The history of law is a history of finitude, which would be only one of the many histories of finitude, of the human condition or ontology. This irreducible point escapes those who invest all their efforts in understanding law through the scope of legitimacy how does the law come to calculate, decide, institute, pronounce and effect? By what right? On what foundation, origin, universalising pretext, does it so act? If we abandon this line of questioning, the pursuance ofwhich would only lead us through a gyre ofself-referential dilemmas circumventing the concept of 'origin', it becomes dear that it is precisely the role of the origin in its law-configuring mode that problematises what law can and does do, that is to say, what law is. But, even having isolated this theoretical agenda, there are no obvious signposts to navigate one's journey into this 'law-configuring origin'.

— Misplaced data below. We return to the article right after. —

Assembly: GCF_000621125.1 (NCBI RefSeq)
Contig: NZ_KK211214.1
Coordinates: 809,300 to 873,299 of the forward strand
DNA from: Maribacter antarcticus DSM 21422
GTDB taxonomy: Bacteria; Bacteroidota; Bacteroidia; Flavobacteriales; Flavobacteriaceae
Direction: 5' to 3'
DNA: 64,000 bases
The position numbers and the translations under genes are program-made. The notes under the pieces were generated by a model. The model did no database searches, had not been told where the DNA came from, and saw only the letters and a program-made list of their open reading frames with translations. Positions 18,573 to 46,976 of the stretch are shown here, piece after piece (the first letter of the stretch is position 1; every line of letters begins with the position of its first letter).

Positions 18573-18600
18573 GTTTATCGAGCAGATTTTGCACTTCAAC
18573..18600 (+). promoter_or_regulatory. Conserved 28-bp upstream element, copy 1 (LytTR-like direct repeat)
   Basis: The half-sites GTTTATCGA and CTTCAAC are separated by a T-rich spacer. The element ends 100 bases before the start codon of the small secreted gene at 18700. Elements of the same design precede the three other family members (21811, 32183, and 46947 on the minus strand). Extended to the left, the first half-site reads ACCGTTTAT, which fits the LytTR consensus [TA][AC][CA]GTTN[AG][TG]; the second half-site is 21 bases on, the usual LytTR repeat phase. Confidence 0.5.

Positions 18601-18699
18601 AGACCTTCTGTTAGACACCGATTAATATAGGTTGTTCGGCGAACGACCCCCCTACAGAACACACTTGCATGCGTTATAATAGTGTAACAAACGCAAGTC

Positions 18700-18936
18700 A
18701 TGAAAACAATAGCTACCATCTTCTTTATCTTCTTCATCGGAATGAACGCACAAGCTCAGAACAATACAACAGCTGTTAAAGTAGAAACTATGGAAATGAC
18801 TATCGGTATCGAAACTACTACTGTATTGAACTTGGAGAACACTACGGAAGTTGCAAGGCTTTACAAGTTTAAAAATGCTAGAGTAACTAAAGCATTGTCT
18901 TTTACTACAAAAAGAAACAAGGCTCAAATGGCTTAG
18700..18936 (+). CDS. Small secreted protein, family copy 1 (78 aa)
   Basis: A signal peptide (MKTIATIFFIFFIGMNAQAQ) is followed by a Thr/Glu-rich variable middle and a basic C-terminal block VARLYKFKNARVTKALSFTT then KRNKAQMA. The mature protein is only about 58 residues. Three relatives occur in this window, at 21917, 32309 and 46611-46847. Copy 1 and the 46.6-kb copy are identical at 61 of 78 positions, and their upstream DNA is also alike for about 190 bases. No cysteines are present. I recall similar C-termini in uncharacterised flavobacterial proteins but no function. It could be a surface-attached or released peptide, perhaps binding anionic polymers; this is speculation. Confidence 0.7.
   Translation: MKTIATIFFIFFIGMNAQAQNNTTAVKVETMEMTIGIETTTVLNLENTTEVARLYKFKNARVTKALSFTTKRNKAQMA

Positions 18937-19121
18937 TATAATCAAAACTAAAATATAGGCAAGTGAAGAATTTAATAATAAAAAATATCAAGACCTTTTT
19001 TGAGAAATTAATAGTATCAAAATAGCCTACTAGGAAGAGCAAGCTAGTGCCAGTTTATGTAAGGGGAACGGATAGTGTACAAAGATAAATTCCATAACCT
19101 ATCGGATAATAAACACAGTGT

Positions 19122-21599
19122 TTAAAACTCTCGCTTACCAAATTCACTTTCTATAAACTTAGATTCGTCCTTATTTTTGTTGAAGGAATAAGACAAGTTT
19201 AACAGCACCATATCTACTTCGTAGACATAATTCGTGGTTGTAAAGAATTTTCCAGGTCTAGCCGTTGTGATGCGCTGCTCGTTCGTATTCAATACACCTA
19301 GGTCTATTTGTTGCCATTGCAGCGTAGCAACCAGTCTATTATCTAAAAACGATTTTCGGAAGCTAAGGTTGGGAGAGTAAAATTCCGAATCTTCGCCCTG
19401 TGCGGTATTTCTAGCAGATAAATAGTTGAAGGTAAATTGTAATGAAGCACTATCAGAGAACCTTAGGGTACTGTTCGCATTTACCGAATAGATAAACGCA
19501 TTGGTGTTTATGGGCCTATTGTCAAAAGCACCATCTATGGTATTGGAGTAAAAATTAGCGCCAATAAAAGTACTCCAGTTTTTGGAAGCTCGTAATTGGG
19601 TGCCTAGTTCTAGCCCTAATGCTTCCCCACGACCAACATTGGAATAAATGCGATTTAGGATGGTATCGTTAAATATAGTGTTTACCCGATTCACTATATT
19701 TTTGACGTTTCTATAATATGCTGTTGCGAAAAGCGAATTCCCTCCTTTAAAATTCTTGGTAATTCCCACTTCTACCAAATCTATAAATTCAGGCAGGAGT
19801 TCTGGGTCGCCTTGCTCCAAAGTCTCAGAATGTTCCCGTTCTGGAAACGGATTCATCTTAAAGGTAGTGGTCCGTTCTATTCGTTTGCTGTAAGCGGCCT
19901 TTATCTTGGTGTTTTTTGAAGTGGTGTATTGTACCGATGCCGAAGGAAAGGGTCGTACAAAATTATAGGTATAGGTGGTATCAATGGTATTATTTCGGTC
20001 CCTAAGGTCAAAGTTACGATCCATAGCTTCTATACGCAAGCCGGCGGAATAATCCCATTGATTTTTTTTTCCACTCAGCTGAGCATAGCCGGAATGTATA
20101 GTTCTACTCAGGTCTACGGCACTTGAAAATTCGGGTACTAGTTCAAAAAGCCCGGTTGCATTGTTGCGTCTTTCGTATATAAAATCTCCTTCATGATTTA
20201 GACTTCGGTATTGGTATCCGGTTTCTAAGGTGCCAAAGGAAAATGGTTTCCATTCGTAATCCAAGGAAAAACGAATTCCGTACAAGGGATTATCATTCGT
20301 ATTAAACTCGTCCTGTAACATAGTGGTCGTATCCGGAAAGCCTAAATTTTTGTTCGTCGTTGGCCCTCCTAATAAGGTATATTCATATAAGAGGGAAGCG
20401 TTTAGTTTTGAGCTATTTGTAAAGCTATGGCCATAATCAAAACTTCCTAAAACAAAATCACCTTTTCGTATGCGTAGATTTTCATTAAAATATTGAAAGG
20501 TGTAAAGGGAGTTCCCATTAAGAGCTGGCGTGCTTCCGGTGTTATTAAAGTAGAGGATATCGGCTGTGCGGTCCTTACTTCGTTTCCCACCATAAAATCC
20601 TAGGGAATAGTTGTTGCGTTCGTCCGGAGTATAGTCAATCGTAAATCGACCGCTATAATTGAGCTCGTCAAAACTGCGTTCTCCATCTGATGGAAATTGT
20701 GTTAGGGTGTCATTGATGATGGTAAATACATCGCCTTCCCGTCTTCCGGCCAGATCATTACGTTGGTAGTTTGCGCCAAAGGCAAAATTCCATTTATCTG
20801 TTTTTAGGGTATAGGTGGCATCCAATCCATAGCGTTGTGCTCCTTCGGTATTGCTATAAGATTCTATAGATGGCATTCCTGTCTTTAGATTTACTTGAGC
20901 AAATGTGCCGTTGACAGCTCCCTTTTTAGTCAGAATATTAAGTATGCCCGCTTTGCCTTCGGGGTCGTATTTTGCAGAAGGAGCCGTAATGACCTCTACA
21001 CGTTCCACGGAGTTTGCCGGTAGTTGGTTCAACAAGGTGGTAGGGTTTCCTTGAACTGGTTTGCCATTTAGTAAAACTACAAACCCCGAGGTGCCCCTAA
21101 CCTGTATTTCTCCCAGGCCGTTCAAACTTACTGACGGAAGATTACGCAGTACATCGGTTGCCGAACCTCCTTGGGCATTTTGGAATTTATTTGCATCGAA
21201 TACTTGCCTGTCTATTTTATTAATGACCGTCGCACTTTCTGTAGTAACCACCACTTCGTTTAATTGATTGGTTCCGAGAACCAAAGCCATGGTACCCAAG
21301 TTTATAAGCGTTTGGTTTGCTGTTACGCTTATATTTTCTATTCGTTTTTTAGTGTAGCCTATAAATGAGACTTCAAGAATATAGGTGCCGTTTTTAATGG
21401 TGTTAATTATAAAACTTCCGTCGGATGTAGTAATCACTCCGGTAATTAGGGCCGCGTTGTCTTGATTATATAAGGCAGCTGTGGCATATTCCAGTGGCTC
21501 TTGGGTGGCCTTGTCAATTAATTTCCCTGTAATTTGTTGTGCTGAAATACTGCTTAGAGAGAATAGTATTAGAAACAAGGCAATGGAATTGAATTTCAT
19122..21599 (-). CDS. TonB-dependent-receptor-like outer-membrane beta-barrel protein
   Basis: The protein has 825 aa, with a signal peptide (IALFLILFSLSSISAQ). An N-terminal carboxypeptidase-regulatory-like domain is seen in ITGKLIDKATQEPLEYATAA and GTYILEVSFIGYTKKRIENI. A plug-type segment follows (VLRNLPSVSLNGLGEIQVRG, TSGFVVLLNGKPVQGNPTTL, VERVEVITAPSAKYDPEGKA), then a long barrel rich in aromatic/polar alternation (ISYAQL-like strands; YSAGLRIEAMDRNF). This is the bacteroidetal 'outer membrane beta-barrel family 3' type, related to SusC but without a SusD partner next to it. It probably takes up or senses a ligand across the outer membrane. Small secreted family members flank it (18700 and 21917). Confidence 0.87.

Recommended CitationBuonamano, R., The law of the origin in the ontology of consciousness: (Descartes' third meditation), Law Text Culture, 4, 1998, 175-190.